MY STORY

The thing that I love most about design is the immeasurable impact it has on people and the decisions that they make, without them even knowing it. We live in a visual world with amazing art and design all around us. When I get a project and start designing, I strive to create something that makes people stop and look. I want people to remember what it is that I've created. Problem solving is something that I have always been drawn to and design has proven to be the most difficult, but satisfying, problem to solve yet. Every project that I have the opportunity to be a part of brings forth new challenges and things that I have not yet seen or considered. I approach projects with equal consideration in function and aesthetic, because in the end I am not just an artist; I am a communicator, a problem solver, and design is my language. 

 

TOTE LAGER

I like to sip suds as much as the next guy, so when I was approached by a bar owner who was looking for a logo and label design for his in house beer I was excited. The main thing this bar owner wanted to accomplish was to create something that would appeal to the people who spent the most time at his bar, ages 21-35. I aimed to capture millennials lifestyle with a cohesive aesthetic.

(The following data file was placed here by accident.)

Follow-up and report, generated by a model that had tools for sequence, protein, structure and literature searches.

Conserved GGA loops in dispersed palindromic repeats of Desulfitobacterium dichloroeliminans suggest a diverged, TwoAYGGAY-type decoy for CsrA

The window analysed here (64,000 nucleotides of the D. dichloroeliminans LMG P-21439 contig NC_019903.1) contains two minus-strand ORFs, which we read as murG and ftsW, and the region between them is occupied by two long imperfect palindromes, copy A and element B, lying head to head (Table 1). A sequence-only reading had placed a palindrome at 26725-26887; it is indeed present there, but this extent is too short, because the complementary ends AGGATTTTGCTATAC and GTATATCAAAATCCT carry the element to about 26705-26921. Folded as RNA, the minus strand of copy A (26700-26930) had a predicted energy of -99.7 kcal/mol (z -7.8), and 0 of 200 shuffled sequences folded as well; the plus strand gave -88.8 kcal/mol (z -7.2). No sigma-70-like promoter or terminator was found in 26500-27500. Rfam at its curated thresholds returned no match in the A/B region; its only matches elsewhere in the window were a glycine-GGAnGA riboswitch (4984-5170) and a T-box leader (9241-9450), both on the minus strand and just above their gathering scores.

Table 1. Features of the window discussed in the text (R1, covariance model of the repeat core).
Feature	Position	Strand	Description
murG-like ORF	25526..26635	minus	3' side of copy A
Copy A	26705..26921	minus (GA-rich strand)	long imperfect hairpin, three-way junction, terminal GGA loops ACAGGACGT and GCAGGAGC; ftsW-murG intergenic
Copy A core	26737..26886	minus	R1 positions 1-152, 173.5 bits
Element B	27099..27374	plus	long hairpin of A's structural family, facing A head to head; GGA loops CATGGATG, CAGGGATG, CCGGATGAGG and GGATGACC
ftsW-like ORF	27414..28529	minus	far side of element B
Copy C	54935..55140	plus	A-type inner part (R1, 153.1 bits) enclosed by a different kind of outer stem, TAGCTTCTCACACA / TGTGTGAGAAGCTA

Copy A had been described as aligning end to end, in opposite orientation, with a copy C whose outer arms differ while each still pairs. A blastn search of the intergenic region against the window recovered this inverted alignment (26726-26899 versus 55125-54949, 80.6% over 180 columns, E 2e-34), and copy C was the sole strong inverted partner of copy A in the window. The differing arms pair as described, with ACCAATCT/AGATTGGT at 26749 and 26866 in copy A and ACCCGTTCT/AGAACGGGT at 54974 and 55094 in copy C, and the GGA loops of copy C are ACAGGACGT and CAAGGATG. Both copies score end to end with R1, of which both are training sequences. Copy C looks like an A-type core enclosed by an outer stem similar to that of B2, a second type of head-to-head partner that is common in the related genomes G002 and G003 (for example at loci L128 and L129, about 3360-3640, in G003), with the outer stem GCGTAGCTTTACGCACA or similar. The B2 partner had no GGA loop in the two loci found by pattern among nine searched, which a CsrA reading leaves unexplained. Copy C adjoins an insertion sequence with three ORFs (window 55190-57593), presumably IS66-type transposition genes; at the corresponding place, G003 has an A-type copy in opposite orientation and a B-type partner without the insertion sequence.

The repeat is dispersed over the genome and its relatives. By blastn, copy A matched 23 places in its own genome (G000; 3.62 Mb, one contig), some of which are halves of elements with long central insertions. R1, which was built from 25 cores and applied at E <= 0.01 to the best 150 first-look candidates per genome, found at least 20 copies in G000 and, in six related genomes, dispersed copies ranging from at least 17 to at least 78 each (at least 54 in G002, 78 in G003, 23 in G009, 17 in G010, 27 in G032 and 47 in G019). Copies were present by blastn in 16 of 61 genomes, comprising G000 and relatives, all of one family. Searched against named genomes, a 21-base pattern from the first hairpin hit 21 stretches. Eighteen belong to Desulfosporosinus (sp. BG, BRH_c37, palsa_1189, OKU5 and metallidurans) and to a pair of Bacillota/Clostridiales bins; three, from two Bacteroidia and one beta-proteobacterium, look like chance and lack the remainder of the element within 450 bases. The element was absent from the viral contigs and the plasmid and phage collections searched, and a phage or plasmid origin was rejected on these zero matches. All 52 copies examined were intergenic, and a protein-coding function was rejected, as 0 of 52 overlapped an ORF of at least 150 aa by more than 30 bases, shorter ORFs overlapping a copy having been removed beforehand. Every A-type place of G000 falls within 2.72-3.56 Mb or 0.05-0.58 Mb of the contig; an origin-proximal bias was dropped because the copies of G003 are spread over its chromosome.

When approaching this logo design, I really wanted to create something with a modern and sleek feel. Focusing on the clients request to make it appeal to younger drinkers,  I made a point to make Tote different from beers like Pabst and Budweiser with their old school approach to typography and color blocking. In order to find inspiration, I spent time at the owner's bar to get a first hand feel for his consumers, as well as researching alcohol companies that lined up with the demographic I was working with, such as Ciroc and a local Utah beer, Uinta Brewing. The common thing that was both companies were clearly doing successfully were clean typography and bold iconography. With that in mind, I focused on conveying what "tote" literally means. Tote is the German translation for "dead", which the owner derived from a German play he had once seen called "Die Tote Stadt." I wanted to avoid creating a logo that was too dark for the  everyday customer. Through my sketches I played around with forms of a skull by using the shape of a hop, a bottle, and a mug. I liked the way that the bottom of a beer mug contoured like a skull.